The Ride

On the trail, the Blackborow is less of a monster truck and more of a Trojan horse. First off, it’s much easier to ride off-road than its imposing dimensions might suggest. At less than 40lb, it’s very light for a cargo bike and substantial winches uphill are possible thanks to that 50T cassette. You could even portage it over short distances, providing you unloaded it first of course.

Salsa Blackborow
I think we left our spare socks at home.

That isn’t to say that it rides like a regular hardtail, or even a regular fat bike. Even without a load, you’ll be doing well to lift the front wheel, or bunny-hop an obstacle. Our photographer James did manage to get a decent car park wheelie out of it, although that’s not really within its design remit. But even though the Blackborow is clearly intended for long hauling rather than singletrack shredding, it was surprisingly capable when the trails got interesting. The wheelbase is only a couple of inches longer than most current trail bikes, so although very tight corners require a bit of care, it doesn’t need you to rewire your brain in the same way as, say, riding a tandem off-road. It feels like a big bike, and it is, but there’s no sensation that the wheels are in different time zones, and when the back wheel hits bumps in the trail, they don’t feel like the aftershocks of an earthquake. In fact, thanks to the cushty platform of the tyres, you’ll have to be going pretty quickly over sizeable lumps to register much at all.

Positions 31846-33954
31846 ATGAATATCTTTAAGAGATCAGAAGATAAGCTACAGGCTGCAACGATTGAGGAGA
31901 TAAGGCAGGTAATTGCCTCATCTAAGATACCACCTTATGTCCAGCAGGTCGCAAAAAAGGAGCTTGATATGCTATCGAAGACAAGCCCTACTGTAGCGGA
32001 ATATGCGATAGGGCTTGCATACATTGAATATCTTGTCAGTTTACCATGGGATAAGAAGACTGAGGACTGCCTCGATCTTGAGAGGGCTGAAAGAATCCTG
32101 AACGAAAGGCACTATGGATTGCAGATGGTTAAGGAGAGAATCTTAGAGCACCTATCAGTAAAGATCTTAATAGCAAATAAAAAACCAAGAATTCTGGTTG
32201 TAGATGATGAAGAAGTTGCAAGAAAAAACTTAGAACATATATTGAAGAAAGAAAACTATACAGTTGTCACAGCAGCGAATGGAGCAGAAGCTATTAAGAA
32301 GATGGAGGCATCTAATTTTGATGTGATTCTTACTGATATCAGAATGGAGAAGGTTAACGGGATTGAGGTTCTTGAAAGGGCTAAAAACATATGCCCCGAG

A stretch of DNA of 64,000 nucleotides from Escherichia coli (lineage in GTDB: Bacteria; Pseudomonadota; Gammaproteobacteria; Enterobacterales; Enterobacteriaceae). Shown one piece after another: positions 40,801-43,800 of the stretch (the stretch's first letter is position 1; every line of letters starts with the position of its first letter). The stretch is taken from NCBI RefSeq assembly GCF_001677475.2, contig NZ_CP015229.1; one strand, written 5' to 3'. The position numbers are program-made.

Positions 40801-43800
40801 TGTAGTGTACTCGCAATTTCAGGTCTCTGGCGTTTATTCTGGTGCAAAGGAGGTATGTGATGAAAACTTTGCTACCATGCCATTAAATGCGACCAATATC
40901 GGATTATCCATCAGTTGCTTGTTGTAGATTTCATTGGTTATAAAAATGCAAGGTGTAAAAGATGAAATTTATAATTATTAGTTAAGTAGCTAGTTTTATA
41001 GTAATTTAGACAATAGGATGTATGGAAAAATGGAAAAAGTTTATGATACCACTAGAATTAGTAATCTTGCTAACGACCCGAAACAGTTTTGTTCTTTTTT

On one of my first rides on the Blackborow I loaded it up with tools and snacks, and took it out to give some of the waterlogged local trails a fairly heavy tickle. The low pressure tyres let you crawl over rocks and roots even with a lot of extra weight on board, and I was surprised to find I could spin it up all the climbs, even the horrible thrutchy bits that sometimes have me walking on a regular mountain bike.

Salsa Blackborow
Great for rock crawling

The descents are fun too, although the super-long chain makes them a bit of a rattly affair, even with all your luggage securely lashed down. The frame feels stiff in all the right places, and even with the rigid fork it can be coaxed down steep, awkward terrain with minimal drama. The brakes were decent enough, but not as powerful as a good set of hydraulics, and I found myself using two fingers on the levers a lot of the time.